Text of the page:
Somebody get that kid a drink – she’s gonna have a bad day.

– Jeremy Butler

7: The Dogs Made a Mess Again.

Film: The Thing (1982)
Director: John Carpenter

The Pet: American Outpost 31’s sled dogs.
The Owner: Clark (Richard Masur), the dog trainer.  Clark was one of the quieter members of the American Antarctic complement at the post.  Not too hard to imagine that he was an outdoorsman, perhaps from Canada or Alaska, who was not only compfortable with the sled dogs, but maybe even more at home with them than people.  Clark’s burly demeanor and lumberjack beard belied his gentle nature toward his dogs.  Despite the malevolent organism that once masqueraded as a dog turning the real dogs into its next meal, Clark didn’t freak out or lose his composure…that is, until MacReady started pumping the poor animals full of buckshot in an attempt to save them from a much more gruesome death.  Maybe Clark harbored some hard feelings toward MacReady; because later on, when MacReady’s humanity was in question, Clark didn’t hesitate to try to kill him.  We’ll never know if Clark cared whether MacReady was human or not, because MacReady was forced to do the same thing to Clark’s cranium that he did with one of Clark’s dogs.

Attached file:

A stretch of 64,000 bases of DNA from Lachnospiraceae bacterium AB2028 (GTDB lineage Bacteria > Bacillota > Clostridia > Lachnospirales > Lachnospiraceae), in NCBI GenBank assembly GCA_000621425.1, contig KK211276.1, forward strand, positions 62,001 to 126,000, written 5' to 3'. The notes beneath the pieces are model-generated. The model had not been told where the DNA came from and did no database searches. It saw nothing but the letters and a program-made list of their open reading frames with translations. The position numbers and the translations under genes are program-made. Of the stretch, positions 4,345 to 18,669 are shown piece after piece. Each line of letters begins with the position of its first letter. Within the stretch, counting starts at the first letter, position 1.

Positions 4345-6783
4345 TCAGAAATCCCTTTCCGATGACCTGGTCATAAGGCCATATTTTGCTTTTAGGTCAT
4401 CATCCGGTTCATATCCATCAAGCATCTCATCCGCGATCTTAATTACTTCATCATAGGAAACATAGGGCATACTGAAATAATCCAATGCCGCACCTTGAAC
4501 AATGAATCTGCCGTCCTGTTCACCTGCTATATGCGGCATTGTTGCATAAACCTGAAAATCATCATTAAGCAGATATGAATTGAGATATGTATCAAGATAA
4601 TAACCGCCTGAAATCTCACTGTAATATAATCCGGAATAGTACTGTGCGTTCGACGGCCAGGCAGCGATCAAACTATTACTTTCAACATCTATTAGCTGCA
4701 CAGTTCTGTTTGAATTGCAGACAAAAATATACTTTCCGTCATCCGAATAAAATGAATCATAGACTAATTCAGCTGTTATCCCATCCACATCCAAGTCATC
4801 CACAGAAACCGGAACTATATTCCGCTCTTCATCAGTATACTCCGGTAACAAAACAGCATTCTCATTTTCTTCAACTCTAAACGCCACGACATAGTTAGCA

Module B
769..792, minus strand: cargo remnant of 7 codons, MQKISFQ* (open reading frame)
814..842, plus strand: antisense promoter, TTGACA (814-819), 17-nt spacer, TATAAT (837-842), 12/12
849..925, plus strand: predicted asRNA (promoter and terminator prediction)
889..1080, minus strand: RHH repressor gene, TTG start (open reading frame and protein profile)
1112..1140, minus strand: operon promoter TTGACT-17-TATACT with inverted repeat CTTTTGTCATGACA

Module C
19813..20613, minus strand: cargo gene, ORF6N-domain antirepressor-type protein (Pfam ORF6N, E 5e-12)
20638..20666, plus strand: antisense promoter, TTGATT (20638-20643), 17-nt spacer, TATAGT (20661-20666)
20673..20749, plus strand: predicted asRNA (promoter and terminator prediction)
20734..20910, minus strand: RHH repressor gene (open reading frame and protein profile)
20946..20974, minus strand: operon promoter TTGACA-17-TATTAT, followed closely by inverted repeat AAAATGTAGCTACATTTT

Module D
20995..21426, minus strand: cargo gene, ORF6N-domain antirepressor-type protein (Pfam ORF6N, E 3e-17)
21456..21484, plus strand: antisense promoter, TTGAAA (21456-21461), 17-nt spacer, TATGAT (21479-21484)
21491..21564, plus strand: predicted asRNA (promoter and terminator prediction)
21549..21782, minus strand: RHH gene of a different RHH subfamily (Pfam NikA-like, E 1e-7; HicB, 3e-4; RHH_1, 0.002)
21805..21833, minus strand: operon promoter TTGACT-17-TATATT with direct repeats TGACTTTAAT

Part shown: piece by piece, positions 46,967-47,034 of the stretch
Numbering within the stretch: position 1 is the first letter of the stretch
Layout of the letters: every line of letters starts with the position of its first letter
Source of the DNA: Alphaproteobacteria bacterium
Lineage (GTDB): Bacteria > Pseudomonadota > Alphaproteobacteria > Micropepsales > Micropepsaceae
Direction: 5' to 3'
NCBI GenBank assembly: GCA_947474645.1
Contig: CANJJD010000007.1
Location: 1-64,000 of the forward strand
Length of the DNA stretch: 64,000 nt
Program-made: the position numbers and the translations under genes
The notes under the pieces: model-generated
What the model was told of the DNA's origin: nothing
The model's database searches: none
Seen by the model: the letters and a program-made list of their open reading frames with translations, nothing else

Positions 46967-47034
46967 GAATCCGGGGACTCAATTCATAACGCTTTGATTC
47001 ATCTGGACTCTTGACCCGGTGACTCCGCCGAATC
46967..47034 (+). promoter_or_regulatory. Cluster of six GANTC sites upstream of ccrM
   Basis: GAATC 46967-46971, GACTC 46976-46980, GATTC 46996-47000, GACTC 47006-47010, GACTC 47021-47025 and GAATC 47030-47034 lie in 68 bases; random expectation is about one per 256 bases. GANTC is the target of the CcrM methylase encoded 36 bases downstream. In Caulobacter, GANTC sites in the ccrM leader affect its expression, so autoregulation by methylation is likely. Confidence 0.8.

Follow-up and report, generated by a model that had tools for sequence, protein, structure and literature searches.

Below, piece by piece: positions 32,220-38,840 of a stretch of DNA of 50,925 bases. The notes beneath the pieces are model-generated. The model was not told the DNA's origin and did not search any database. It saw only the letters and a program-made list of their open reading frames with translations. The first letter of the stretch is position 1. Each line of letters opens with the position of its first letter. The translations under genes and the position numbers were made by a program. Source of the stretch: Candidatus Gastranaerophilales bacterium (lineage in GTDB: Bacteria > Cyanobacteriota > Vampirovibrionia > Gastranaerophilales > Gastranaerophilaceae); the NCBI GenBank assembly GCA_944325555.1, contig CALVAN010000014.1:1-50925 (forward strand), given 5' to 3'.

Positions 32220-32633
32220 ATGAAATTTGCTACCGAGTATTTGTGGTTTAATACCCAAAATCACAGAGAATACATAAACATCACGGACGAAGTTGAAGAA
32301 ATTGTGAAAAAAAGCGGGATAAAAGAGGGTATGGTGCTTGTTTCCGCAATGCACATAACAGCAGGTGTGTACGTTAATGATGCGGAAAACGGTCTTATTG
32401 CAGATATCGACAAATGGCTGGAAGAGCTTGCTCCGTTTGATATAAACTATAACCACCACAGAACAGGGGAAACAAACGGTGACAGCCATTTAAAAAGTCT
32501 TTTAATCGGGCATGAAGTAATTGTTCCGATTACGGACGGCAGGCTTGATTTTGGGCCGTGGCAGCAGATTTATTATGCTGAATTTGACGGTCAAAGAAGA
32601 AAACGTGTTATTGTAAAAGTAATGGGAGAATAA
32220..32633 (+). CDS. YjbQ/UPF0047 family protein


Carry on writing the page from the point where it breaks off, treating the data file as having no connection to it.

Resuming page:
The Context: What you had here was an alien organism that imitated other animals, and imitated them perfectly, using its victims not only as nourishment but the template by which to blend in to its surroundings.  First up (or rather second up…it got to either Norris or Palmer first) were the sled dogs, who were kept in the kennel.  As evidence to how perfectly the Thing could imitate any other organism, the dogs couldn’t even sense that the new pooch wasn’t kosher…that is until it turned into a bloody freak show and began attacking them.